“It’s the year 2016. The recession is finally over, Europe has realized that the Euro was a mistake, and so countries have reverted to their own currencies, Greece is solvent, and the economies of most developing countries are growing at an unprecedented rate.
“Noctilucent SA, a medium-sized software company based in South Africa has ridden the recession out quite well. They moved into cloud-based computing ahead of the pack, and have managed to maintain their customer base over tough times. They enjoy a reputation for excellent products backed up by excellent customer service.
“Their workforce is a mix of full-time staff and contractors, many of whom have been with them for a long time.
And suddenly the economy is buoyant. There is a huge demand for Noctilucent’s products globally. New prospects and existing customers alike are asking for new products – both off-the-shelf and custom developed.
“Things are really looking up for Noctilucent, but……
“Senior Management and HR face a huge problem. Sure, they had asked themselves the question “If the economy made a turnaround tomorrow, and all of a sudden customers were lining up at our door, would our workforce be in a position to respond to customer demand?” – and their response probably was “of course” and “that will be a good problem to have” -but is the first accurate and the last a bit glib?
“The HR Executive remembers reading the Yoh 2012 Workforce Planning study, which revealed that the single greatest challenge in developing the workforce is the ability to find, recruit, and train the right people. She acknowledges that because there was no real need to grow the workforce, and learning and development was pretty much provided on an ad-hoc, as required basic. Workforce planning has been at best static, at worst non-existent. Is it too late to fix the situation? Will Noctilucent have to turn business away? The sad answer is yes, because evidence shows that evaluating for competency is a task that will take at least three months, and on average six months or more. Once these employees are deemed competent it’s likely that it will take at least six months to get them to a state of high productivity. The statistics suggest that a new employee, even in a best case scenario, is at least nine months away from making any above-average contributions to the organization.”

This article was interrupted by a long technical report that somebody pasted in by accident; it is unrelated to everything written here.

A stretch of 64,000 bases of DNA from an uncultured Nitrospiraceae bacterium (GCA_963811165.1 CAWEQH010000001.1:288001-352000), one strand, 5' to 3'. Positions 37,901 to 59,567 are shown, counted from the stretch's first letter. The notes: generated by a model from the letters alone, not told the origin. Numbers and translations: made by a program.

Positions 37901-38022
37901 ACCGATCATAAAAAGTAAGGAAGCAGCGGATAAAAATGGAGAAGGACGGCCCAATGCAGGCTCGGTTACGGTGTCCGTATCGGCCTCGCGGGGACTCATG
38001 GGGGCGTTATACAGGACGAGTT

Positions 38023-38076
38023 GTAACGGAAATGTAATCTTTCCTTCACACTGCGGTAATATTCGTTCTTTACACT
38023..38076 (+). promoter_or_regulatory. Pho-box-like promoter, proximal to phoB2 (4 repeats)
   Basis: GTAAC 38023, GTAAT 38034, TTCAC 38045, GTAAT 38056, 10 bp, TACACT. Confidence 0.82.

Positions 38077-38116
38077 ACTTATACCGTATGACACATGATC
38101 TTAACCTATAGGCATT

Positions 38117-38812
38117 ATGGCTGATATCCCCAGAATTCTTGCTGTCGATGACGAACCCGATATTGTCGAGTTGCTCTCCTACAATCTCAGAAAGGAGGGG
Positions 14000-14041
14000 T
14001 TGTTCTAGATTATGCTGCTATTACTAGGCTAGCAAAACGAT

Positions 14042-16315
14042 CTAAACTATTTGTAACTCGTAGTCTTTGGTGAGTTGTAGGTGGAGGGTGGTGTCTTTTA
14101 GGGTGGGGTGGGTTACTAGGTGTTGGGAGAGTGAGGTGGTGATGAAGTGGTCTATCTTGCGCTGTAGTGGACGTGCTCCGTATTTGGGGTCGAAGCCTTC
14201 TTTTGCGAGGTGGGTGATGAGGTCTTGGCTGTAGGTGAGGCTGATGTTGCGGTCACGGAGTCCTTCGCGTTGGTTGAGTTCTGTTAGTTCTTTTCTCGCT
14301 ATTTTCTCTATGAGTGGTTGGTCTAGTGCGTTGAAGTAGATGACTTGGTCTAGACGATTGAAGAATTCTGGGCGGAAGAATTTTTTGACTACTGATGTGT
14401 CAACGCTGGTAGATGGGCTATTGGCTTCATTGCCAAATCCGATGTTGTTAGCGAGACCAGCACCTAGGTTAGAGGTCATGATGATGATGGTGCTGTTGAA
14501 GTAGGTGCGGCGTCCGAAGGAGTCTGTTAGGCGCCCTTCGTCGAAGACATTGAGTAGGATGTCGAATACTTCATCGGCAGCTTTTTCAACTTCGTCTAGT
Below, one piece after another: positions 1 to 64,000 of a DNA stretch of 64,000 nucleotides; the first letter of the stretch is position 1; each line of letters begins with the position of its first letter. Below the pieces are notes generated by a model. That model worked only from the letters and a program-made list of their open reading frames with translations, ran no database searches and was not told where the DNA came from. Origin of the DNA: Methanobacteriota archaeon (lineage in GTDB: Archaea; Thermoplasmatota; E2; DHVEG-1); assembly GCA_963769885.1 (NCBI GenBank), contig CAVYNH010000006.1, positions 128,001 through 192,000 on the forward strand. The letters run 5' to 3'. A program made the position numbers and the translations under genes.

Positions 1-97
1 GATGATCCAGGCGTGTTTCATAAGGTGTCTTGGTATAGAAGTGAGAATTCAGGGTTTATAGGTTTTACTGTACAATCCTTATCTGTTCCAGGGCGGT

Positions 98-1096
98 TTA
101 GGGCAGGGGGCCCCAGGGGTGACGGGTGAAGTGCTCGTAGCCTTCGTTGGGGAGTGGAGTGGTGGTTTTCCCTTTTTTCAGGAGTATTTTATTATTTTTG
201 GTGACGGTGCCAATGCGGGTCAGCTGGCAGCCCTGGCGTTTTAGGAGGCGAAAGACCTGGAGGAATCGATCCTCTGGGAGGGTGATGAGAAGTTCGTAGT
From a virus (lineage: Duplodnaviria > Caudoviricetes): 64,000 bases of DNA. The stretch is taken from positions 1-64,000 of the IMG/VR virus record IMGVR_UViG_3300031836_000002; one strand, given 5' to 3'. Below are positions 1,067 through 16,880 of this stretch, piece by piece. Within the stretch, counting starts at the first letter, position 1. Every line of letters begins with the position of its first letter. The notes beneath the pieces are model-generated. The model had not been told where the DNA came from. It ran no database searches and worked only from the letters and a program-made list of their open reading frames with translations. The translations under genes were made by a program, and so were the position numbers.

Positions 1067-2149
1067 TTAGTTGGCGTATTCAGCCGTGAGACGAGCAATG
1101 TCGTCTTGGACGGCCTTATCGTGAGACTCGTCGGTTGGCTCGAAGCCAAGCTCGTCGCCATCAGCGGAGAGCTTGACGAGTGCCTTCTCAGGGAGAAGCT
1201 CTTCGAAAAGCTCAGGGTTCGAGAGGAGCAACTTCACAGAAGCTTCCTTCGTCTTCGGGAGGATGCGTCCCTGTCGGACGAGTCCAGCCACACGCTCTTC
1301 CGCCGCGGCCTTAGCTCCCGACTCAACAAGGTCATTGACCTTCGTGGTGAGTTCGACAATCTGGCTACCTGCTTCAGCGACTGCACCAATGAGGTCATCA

So what could they have done better? They should have a Strategic Workforce Plan which deals not only with the current scenario, but also a scenario as described in this fable where suddenly business is booming – and it’s worth remembering that economic turnarounds don’t happen overnight, so they could have anticipated the situation at least to some extent. Indeed their Business Plan would have looked at least 3 years into the future, and the Workforce plan should be aligned to the Business Plan.
The aim of Strategic Workforce Planning is to reduce business strategy execution risks associated with workforce capacity, business capability, and flexibility. According to the Draft ANSI-SHRM standard for Workforce Planning it is:
- An ongoing process to identify the workforce needs for the future,
- Identification of the gap between demand and supply for staff – workforce numbers, job roles and skills – and the resultant degree of business risk,
- A critical part of corporate planning and a driver for high impact HR strategy, and
- A plan to inform business decision-making (action and accountability).
The plan is the responsibility of Senior Management in the organization. Obviously HR will facilitate the process, and draw up the actual plan with input from all the stakeholders – but HR must always be the enabler, not the driver.
How often should it be updated? Well at least quarterly, as well as whenever the Strategic Business Plan is amended.
It’s also vital that you have all the metrics you need for the plan – and start measuring what you don’t already. Watch this space for more about the metrics.
Contact TalentAlign if you would like assistance with developing your Strategic Workforce Plan.